Part 1 of a 2-part series on telemedicine
One of the primary goals of healthcare reform is to expand health care access to various populations that have long been underserved. These include minorities, rural communities, the poor, and the previously uninsured. Obviously great challenges lie ahead, as large numbers of people begin to seek access to primary care clinicians. Telemedicine promises to be an important tool in meeting these needs.
Definitions of telemedicine and telenursing
Telemedicine is defined by the American Telemedicine Association as the use of medical information exchanged from one site to another via electronic communications, to improve patients’ health status. It is not considered to be a separate medical specialty, but rather a means of delivering care efficiently.
The term telenursing refers to the use of technology for delivering nursing care from a distance. As technologies like multimedia, imaging, and telecommunications have advanced and become more affordable, telenursing has become more and more feasible. Its primary benefits are reduced costs, improved quality of care, and the ability to see more patients more efficiently.
Applications in nursing
Telenursing promises to make nurses more ubiquitous and to expand nursing’s involvement in primary care. The applications of telemedicine for nursing include the following:
- Patient consultations. These can range from a simple follow-up session after a procedure, to patient education as part of a disease management program, to more involved consultations that involve diagnosis and treatment. The tools used may include audio and still or live images to facilitate communication between patient and provider. The Internet allows patients to connect from home, or they might visit a remote clinic staffed by nurses to connect with a physician farther away. Consulting via telemedicine connects patients to medical resources that don’t exist in their communities.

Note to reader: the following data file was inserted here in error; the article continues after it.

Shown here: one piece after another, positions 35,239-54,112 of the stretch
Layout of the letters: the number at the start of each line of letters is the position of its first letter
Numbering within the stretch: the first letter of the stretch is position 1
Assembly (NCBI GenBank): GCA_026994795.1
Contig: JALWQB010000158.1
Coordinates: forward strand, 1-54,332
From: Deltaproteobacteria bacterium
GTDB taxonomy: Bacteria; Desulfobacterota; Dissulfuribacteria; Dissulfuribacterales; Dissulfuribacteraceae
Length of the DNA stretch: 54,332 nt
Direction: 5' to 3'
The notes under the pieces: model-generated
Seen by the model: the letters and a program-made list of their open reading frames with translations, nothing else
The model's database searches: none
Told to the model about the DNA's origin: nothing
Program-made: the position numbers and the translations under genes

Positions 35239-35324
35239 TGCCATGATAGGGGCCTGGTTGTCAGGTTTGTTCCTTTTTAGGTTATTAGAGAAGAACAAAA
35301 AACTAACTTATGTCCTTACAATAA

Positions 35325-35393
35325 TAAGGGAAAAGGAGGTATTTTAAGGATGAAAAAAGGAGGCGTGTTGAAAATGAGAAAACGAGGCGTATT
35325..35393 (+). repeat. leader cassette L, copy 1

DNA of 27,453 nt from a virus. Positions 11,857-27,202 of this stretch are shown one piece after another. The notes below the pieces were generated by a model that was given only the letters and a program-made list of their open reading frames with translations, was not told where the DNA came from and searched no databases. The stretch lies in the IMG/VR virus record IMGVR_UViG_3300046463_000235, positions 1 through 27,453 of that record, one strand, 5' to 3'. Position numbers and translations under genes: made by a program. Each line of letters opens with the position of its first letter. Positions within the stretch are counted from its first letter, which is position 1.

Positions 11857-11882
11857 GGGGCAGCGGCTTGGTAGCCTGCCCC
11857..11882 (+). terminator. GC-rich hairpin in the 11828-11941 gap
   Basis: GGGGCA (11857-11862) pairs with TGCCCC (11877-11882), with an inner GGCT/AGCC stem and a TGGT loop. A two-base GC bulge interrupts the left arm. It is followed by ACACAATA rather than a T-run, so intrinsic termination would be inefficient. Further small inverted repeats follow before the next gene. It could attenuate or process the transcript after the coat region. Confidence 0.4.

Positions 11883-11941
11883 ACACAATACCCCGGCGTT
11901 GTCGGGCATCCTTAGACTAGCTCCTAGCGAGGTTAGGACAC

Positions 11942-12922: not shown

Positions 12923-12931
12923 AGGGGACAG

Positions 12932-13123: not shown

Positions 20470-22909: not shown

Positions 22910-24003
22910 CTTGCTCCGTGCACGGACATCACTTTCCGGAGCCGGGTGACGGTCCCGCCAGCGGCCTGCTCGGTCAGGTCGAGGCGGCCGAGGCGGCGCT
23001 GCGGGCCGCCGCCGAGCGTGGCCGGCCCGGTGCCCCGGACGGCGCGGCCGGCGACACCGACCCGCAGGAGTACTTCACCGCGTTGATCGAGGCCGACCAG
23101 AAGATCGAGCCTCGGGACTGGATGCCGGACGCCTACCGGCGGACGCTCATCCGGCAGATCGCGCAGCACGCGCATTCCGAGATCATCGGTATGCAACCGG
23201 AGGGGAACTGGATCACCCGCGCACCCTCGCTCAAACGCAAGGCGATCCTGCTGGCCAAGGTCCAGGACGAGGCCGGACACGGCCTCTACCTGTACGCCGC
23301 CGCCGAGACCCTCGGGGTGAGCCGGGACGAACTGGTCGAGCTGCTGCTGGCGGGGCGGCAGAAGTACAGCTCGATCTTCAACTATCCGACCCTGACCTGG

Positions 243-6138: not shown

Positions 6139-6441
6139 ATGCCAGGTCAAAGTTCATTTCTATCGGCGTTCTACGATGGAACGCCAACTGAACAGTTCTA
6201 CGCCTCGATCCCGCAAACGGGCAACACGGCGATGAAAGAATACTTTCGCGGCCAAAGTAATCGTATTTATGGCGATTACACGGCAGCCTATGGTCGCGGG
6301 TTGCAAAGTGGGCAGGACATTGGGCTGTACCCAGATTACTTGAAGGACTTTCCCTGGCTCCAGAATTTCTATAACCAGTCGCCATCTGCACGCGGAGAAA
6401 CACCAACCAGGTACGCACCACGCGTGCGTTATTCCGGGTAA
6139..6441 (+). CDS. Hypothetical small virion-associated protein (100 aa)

- Remote monitoring. Devices used by the patient at home can collect and transmit medical data to clinicians for interpretation, so a medical intervention can be planned. These technologies can supplement or, in some instances, replace home nursing visits. When nurses are monitoring patients remotely, they can eliminate travel times and see more patients each day. A large body of evidence suggests that telenursing produces outcomes equal or superior to those seen with traditional clinical encounters.
Education and career opportunities
Telenursing is a sort of frontier within the nursing field, as its full potential has yet to be explored. So what does it take to become a telemedicine professional? From the clinical aspect, you’ll use the same skills and competencies required by traditional bedside nursing. You’ll still be performing nursing assessments and taking on the role of patient advocate. It’s just that technology adds another piece to the puzzle – you should be skilled with healthcare informational technology (HIT). It’s an added bonus if you can help to design or refine technology-based delivery models, in addition to feeling comfortable with existing and emerging technologies. For this reason, a degree in nursing informatics is useful for those wanting a career in telemedicine. Online nursing programs like those offered by American Sentinel University can help you get the informatics skills you need.
Telenursing also offers many opportunities for those with strong nursing leadership skills who want to move into administrative roles. They can oversee or design telemedicine programs, maintain medical data, and supervise other nurses.
As telemedicine continues to evolve and become an accepted part of the healthcare system, opportunities for nurses will expand at every level.
Next week: The role of nursing leadership in telemedicine.